[Libs-Or] Net Neutrality and Intellectual Freedom

Garnetta Wilker gkwilker2 at gmail.com
Wed Jun 18 11:20:54 PDT 2014

The OLA Intellectual Freedom Committee joins the American Library
Association in recognizing that net neutrality is an intellectual freedom
issue.  Net neutrality is the principle that all data traveling on the
Internet should be treated equally.  If net neutrality is not maintained,
then cable companies and others would be allowed to pay for preferential
treatment, which could relegate libraries and other nonprofits to the “slow
lane” of Internet traffic.  Intellectual freedom, which is the “right of
all peoples to seek and receive information from all points of view without
restriction,” requires that net neutrality be maintained so that
information flows freely to all users.

On May 15th of this year, the Federal Communication Commission (FCC)
presented a proposal that has been interpreted as replacing the principle
of net neutrality with a two-tiered Internet system allowing paid
prioritization.  The FCC is accepting public comments
<http://www.fcc.gov/comments> on this proposal for 60 days, then will
accept follow-up comments through Sept. 10th.     See the Reuters article “Amid
protests, U.S. FCC proposes new 'net neutrality' rules
for a summary of this complex proposal.

Senator Ron Wyden, after being awarded the OLA 2014 Intellectual Freedom
Champion award
discussed net neutrality during a Round Table discussion at Multnomah
County Library
 Senator Wyden spoke about the advantages of having the FCC reclassify
Internet Service Providers as common carriers under Title II of the
Communications Act of 1934.  As a common carrier, ISPs would be prevented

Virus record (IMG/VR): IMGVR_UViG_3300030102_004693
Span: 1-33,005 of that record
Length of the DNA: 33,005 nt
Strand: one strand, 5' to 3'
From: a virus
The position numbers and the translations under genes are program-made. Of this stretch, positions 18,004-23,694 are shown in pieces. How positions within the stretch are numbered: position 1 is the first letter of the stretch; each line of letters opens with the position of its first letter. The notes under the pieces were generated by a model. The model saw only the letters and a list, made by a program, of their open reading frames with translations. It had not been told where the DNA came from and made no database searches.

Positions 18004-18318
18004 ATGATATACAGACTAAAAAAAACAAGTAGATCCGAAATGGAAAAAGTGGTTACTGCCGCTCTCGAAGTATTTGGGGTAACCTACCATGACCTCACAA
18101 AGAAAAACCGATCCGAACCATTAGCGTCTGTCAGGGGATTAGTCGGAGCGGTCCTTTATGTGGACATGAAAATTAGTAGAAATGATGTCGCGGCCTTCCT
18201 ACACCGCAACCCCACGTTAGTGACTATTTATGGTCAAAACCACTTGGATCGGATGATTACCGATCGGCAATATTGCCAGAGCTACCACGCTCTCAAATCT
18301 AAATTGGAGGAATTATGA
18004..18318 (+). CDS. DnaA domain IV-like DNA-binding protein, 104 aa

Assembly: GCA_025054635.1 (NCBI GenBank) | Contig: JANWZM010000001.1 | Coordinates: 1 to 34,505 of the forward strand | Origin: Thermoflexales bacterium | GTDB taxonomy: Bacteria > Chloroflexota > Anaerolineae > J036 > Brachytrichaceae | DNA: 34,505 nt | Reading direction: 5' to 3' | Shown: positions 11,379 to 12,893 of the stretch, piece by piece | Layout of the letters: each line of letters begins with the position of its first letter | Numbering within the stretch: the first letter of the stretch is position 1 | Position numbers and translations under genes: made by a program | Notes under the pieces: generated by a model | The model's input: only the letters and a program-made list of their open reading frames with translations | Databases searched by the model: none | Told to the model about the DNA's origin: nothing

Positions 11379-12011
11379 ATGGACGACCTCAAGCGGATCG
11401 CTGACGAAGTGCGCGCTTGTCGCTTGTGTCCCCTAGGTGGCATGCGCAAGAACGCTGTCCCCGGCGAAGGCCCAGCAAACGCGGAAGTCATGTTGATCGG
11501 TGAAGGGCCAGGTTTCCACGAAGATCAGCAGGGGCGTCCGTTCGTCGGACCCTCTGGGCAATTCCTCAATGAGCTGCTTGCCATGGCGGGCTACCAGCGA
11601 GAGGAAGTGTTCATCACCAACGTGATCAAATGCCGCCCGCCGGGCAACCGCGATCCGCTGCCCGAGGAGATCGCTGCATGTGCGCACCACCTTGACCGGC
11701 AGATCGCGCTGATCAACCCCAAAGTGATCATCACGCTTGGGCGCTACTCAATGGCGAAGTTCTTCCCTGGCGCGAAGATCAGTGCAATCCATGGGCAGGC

from making any “unjust or unreasonable discrimination” in charges or
services.  Senator Wyden also discussed the need to increase public
recognition of how important net neutrality is for libraries, which are the
primary source of Internet access for many people and a key provider of
educational resources.

Here is more information about net neutrality and its importance to

·         The American Library Association statement on net neutrality

·         ALA District Dispatch blog post on theFCC’s May 15th actions

·         ALA, ARL and EDUCAUSE’s open letter to the FCC Chairman

·         “Why the death of net neutrality would be a disaster for libraries
Washington Post blog, May 16, 2014

·         John Oliver's 13-minute viral video with a humorous explanation
of net neutrality

o        clip with original HBO language

o        clip with bleeped language

·         FCC “Send Us Your Comments form <http://www.fcc.gov/comments>

Feel free to contact the OLA Intellectual Freedom Committee with your
questions or comments.

​Roberta Richards <rrichard at pcc.edu>  and  Garnetta Wilker
<gkwilker2 at gmail.com>
Co-Chairs, Intellectual Freedom Committee, Oregon Library Association
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